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“Merely” A White Supremacist: How The Media Is Missing the Story of White Nationalism PDF Print

6 August 2019

Country: Worldwide

by Jean-Paul Marthoz

Screen_Shot_2019-08-06_at_1.15.09_PMLast Sunday’s New York Times editorial got right to the point: We have a White Nationalist Terrorist Problem.

“If one of the perpetrators of this weekend’s two mass shootings had adhered to the ideology of radical Islam, the resources of the American government and its international allies would mobilize without delay,” it pointed out.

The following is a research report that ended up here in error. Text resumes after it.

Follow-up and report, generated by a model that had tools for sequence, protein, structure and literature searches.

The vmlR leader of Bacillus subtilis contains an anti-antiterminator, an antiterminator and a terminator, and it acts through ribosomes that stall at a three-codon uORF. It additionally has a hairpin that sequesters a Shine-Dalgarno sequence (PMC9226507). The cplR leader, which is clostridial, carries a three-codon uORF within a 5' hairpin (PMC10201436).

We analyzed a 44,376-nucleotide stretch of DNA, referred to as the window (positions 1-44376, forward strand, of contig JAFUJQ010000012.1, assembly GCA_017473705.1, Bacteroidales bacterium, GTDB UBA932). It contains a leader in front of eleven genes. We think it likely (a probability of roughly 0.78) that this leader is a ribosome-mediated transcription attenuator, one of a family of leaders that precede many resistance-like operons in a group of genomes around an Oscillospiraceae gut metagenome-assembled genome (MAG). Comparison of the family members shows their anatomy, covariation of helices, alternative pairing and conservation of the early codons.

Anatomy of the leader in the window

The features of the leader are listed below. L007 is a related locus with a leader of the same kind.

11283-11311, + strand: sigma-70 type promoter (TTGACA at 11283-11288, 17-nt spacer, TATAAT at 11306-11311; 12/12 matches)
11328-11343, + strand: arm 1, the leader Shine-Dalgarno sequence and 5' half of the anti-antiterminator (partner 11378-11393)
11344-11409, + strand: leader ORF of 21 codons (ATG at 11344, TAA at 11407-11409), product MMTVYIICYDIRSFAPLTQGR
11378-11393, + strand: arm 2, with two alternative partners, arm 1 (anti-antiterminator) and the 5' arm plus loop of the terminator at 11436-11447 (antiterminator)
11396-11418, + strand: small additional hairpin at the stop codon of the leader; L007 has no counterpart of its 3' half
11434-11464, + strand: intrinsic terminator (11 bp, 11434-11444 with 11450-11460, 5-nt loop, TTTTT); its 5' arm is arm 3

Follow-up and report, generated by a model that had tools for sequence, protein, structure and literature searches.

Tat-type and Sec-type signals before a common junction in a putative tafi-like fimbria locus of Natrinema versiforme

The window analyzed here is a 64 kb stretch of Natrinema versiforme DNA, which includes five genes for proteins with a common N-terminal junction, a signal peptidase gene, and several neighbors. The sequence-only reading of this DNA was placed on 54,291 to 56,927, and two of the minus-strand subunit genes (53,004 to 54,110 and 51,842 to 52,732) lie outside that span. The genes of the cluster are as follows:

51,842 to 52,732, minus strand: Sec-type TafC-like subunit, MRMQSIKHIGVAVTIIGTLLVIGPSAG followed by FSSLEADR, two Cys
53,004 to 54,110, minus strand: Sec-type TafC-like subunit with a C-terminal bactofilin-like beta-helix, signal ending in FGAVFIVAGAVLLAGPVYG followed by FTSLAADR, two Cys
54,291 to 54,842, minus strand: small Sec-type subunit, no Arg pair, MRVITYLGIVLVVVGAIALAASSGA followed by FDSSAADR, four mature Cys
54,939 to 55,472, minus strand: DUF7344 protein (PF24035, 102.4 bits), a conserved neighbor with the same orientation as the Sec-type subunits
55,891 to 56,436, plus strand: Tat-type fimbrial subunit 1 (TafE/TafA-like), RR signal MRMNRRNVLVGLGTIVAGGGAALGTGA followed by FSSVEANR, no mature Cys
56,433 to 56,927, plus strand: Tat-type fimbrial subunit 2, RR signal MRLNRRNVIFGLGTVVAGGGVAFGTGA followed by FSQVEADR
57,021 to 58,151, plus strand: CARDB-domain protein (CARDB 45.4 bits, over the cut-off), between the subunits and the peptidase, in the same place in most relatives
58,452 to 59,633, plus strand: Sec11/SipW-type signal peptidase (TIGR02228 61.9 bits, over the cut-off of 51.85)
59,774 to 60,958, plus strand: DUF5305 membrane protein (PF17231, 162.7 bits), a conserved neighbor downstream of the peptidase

In fact, the same remarks could be applied more or less to the press. Barring a few distinguished exceptions, the media have been slow in highlighting far-right violence. Over the years a succession of statistics have shown a systemic bias within the media in addressing terrorism. Impartiality and balance, the sacred dogmas of US and international journalism, have too often been thrown overboard. As Signal Al wrote in the Guardian, “Violent Islamist extremists are three times more likely than far-right attackers to be described as terrorists in the media, according to an overview of more than 200,000 news articles and broadcast transcripts." In October 2015 after an anti-migrant knife attack on Henriette Reker, the Christian Democratic mayoral candidate of Cologne (Germany), I was so struck by the minuscule amount of press coverage that I penned a column in Brussels’ daily Le Soir with a sadly ironic headline: Don’t worry, he is just a Neo-Nazi. At the time many of my sources in civil society organizations and security agencies confided that the obviously highly legitimate concern about jihadist terrorism had led to perilously neglecting the rise of far-right extremism and the threat that it represented for our liberal democracies.